Humboldt County

Posted September 24, 2008 in Film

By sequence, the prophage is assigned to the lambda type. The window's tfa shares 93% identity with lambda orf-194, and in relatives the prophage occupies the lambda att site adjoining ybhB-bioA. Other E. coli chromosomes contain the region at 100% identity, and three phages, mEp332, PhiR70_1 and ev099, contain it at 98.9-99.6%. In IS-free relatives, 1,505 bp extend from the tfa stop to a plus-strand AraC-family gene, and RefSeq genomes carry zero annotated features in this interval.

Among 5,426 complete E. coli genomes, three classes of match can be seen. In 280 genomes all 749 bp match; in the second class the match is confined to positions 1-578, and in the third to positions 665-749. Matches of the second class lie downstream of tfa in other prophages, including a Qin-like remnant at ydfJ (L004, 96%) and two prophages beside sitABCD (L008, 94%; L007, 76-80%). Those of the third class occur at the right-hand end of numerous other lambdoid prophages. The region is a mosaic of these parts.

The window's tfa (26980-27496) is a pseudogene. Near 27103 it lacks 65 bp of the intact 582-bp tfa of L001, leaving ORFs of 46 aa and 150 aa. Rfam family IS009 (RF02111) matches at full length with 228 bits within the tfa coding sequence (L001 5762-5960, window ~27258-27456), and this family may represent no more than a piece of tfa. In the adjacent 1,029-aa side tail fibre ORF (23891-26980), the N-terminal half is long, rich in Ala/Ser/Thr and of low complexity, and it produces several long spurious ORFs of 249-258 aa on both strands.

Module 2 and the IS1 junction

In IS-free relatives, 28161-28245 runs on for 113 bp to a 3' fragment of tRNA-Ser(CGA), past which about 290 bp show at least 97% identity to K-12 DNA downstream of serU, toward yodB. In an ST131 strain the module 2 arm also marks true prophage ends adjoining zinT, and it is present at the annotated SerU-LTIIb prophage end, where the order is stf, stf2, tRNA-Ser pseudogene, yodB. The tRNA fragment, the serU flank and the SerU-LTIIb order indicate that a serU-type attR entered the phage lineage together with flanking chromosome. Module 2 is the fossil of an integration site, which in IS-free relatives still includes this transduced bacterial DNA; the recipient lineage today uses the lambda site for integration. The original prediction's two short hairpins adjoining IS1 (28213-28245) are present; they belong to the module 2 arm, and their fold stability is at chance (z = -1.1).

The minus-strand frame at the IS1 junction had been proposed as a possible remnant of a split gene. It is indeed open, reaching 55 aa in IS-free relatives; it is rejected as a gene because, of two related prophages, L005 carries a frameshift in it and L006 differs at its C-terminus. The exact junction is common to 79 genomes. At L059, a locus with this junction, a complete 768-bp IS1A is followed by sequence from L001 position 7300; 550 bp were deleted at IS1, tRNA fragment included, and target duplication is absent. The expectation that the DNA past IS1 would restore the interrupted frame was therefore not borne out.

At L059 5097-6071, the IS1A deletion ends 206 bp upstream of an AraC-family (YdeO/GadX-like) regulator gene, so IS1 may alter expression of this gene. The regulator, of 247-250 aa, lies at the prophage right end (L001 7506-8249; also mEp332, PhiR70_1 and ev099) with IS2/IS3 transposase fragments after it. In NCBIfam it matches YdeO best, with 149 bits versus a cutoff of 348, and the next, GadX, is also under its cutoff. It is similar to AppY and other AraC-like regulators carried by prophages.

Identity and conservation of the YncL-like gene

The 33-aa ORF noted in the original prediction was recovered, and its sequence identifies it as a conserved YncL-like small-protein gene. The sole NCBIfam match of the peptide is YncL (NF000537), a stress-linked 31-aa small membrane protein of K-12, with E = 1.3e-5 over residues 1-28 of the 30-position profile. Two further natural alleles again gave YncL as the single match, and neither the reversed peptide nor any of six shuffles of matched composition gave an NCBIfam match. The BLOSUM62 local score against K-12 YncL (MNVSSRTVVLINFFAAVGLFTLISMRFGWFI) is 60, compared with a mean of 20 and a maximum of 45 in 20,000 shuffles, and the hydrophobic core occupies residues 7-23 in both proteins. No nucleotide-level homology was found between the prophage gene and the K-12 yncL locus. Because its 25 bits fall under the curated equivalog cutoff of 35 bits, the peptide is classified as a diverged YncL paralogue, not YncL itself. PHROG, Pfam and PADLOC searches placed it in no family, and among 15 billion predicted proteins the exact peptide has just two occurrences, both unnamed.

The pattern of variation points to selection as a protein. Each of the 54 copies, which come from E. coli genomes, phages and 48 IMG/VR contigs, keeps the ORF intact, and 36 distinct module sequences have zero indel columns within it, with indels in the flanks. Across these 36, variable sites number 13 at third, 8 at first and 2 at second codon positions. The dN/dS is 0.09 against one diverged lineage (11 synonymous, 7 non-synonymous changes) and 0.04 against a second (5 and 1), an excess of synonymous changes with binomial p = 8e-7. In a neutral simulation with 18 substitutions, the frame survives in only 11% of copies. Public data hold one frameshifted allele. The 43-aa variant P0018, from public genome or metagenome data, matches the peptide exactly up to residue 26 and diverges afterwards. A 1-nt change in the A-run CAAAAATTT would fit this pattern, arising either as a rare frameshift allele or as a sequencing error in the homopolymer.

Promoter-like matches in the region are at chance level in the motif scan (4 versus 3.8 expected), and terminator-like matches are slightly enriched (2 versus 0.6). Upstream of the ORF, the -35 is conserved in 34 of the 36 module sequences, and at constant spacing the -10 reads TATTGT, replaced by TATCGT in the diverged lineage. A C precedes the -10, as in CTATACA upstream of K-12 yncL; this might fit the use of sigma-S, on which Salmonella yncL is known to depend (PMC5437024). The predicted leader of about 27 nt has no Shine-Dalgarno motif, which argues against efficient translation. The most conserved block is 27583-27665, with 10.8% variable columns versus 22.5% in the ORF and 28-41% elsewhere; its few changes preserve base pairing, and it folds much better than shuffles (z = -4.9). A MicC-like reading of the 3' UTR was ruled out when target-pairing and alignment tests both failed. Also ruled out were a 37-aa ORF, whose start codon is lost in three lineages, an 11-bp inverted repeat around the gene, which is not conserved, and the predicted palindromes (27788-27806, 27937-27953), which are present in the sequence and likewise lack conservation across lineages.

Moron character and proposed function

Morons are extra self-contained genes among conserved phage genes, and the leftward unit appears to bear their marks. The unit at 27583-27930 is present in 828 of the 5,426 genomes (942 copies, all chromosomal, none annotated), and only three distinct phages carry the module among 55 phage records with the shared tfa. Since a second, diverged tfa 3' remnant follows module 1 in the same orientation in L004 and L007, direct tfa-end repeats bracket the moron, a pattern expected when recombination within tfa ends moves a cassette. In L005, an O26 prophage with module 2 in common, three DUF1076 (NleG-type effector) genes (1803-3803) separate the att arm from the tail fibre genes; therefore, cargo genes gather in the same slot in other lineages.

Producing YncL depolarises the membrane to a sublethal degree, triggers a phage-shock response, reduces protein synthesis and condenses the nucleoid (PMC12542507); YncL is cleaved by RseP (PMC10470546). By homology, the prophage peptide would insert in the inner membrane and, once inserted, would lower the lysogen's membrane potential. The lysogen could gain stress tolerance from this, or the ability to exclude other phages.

Rigid UCLA med student Peter (Jeremy Strong) takes after his father, Professor Hadley (Peter Bogdanovich), a tightass with such a strict moral code, he threatens to fail his son and dash his top-tier residency. On the side of chaos is Bogart (Fairuza Balk, still with thick eyeliner and wild grin), a wanderer who kidnaps and abandons him (post-coital) at her adopted family’s shack in Northern California where parents Jack (Brad Dourif), Rosie (Frances Conroy), and everyone else down to her precocious niece Charity (Madison Davenport) rolls fat blunts. (The kid reads The Closing of the American Mind as a bedtime story.) Newbie writer-directors Darren Grodsky and Danny Jacobs are sharp enough to recognize that these aren’t hippies but woodspeople; their rebellion runs as deep as the roots of the surrounding redwoods. (In which they’ve planted dozens of marijuana plants.) Peter’s smoked-out transformation from sweater vests to ragged tees is quick, but the script deftly avoids outrageous slapstick: he tokes, leans back, and his face is slowly obliterated by the sun. He learns to shake free—nothing new there—but the film looks askance on both ways of life. The indie folk on the soundtrack teeters the film perilously close to another emo Gen-X flick about discovering who you really are, man, yet its quiet assurance hoists it to the top of the genre. The cast’s broad age gaps dilutes the late-twenties navel-gazing and the luminous Conroy has a several-minutes-long monologue about the death of a past lover during which the camera holds still on her face, soaking her in. How much disorder should an average life prescribe? Between establishment and freedom, freedom wins, but barely, and only by Grodsky and Jacobs forcing the issue in a naïve ending that doesn’t undercut this modest, insightful dramedy. (Amy Nicholson)



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